Series: Crossfire, Book 1
Rating: 3 Stars
Length: 360 Pages
Formats: Paperback, Kindle
Disclosure: An ARC of this book was provided to me through NetGalley. This rating, review, and all included thoughts and comments are my own.
Focusing on the Book
When New York City newbie Eva Tramell first came face to face with the gorgeous and rich Gideon Cross, she was, quite literally, knocked on her butt by the power of her attraction for the man. It was almost a pity that all that dark and gorgeous was attached to such an offensive personality. Before she'd even learned his first name, the stunningly magnetic Mr. Cross announced his intentions towards Eva in as...plain-spoken a way possible.
Then she finds out that Gideon Cross is owner and CEO of Cross Industries and owns the building she works in. That's too much complication for her. It doesn't matter how hot the man makes her, it's not wise to sex it up where you work, even if she hadn't been extremely offended by his initial...offer.
"Think of the rudeness. I'm offended by how he just threw it out there. I hate feeling like a vagina with legs."
Problem is, it's not just Eva feeling that intense chemistry. Gideon is feeling it as well. And domineering, successful Gideon is only used to one thing: getting whatever he wants whenever he wants it. He wants Eva.
In getting what he wants, though, Gideon ends up with far more than even he'd bargained for. For the first time in his life a relationship with a woman is more than casual sex. It's more than he knows how to handle, and more, maybe, than the baggage carried by two wounded souls can handle. Giving in to their intense desire for each other will either end up bringing them more happiness than they'd ever dreamed, or burn them out and leave nothing but ashes.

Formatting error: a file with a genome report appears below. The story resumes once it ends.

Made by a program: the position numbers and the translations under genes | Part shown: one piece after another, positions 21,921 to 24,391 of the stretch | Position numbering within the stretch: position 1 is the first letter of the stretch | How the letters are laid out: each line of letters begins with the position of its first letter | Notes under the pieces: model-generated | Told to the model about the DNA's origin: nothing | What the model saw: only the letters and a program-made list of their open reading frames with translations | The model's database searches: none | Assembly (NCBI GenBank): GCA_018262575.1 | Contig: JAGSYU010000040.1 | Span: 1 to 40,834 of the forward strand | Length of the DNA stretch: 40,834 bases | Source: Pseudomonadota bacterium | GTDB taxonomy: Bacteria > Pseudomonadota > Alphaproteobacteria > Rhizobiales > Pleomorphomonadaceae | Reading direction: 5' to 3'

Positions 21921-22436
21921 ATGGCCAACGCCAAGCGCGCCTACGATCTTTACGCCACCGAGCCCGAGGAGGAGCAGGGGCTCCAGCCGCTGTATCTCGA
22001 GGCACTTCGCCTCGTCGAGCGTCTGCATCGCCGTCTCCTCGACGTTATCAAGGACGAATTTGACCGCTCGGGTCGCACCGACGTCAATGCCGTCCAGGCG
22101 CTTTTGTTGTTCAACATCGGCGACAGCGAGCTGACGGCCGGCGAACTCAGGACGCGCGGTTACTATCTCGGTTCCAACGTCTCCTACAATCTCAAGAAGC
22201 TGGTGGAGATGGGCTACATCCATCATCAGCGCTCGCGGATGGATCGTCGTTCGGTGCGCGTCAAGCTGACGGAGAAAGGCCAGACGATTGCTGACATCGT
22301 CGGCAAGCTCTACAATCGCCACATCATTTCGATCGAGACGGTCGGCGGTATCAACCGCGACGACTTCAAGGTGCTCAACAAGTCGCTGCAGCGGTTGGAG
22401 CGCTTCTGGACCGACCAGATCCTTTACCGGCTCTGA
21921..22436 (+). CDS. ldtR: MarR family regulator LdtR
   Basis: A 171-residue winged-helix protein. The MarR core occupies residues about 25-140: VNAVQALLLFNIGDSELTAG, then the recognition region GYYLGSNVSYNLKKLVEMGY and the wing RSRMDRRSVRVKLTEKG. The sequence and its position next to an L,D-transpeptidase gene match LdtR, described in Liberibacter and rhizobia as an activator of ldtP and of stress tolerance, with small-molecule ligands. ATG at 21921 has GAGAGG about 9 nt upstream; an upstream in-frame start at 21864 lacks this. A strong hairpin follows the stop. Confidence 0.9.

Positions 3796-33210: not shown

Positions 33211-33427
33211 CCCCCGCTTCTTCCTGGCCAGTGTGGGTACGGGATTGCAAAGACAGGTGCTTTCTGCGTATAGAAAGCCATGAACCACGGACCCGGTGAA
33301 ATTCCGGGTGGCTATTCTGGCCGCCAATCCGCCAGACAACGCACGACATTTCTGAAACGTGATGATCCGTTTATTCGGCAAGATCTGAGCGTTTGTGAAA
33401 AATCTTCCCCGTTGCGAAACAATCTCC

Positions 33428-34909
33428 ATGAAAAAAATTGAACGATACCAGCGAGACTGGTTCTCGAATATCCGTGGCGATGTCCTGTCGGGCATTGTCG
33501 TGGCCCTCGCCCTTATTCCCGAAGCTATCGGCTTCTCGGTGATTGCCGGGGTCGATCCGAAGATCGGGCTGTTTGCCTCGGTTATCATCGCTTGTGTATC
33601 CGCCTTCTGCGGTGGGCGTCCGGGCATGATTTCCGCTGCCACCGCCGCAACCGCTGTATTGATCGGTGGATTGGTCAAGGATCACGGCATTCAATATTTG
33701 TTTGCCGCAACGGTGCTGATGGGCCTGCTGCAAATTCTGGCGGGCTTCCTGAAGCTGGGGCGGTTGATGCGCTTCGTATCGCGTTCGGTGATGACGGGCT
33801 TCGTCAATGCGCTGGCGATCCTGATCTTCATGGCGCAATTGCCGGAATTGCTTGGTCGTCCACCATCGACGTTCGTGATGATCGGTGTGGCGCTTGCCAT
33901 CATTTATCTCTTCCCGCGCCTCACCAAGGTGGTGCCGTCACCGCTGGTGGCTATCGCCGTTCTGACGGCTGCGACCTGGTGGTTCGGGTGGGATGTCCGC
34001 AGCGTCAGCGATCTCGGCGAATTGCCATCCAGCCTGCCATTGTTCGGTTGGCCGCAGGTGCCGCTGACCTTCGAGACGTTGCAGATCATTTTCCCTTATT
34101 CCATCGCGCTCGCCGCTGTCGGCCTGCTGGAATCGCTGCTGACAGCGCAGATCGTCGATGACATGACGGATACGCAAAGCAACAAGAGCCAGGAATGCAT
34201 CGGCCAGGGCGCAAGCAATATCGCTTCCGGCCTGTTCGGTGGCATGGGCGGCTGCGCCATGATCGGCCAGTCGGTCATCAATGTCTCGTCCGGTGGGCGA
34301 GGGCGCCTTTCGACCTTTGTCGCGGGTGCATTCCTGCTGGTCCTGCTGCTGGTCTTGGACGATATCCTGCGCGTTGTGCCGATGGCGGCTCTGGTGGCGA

It would be so easy to hop up on a soapbox and focus not on the content of this book but the rigmarole surrounding it. To chime in with my opinions on the similarities between this book and Grey. Then again, as I understand, Grey has it's own issues in that regard. Frankly, it's hard not to imagine that Day hopped on a coattail or two with this book, then rode them straight to the bank. The ramifications of that decision are what they are and honestly, they're none of my business. I have no greater or lesser power than the singular decision on where to spend my money...and where not to. So no soapbox. Just a review.
There's little doubt that Day is an accomplished author who can produce a sophisticated narrative. Parts of this story I enjoyed quite a lot. I liked the relationship between Eva and her best friend Cary, even when it gets complicated. I appreciated the emotional baggage Eva, Gideon, and Cary were dragging around, and could clearly see the affect of that baggage on the corresponding character's actions and decisions. Some of those things fit together to create a sweeping landscape of emotional damage and relationship evolution for all the characters throughout the story, but especially in the emotion-packed second half.
On a less positive note, my impressions of Eva and Gideon sea-sawed throughout the book. In the very beginning, I liked Eva's fortitude and her grasp on her self respect, and she really nailed Gideon with some excellent put-him-in-his-place zingers, but I wasn't at all happy with the endless and excessive gushing about just how god-like he is in looks and sex appeal, especially at the expense of solid backstory and character definition. At least she was consistent in her worship of the hunka hunka burnin' love, because that was about all she was consistent in, including her reaction to her family's money, which she claimed to eschew even as she took advantage of it at every turn.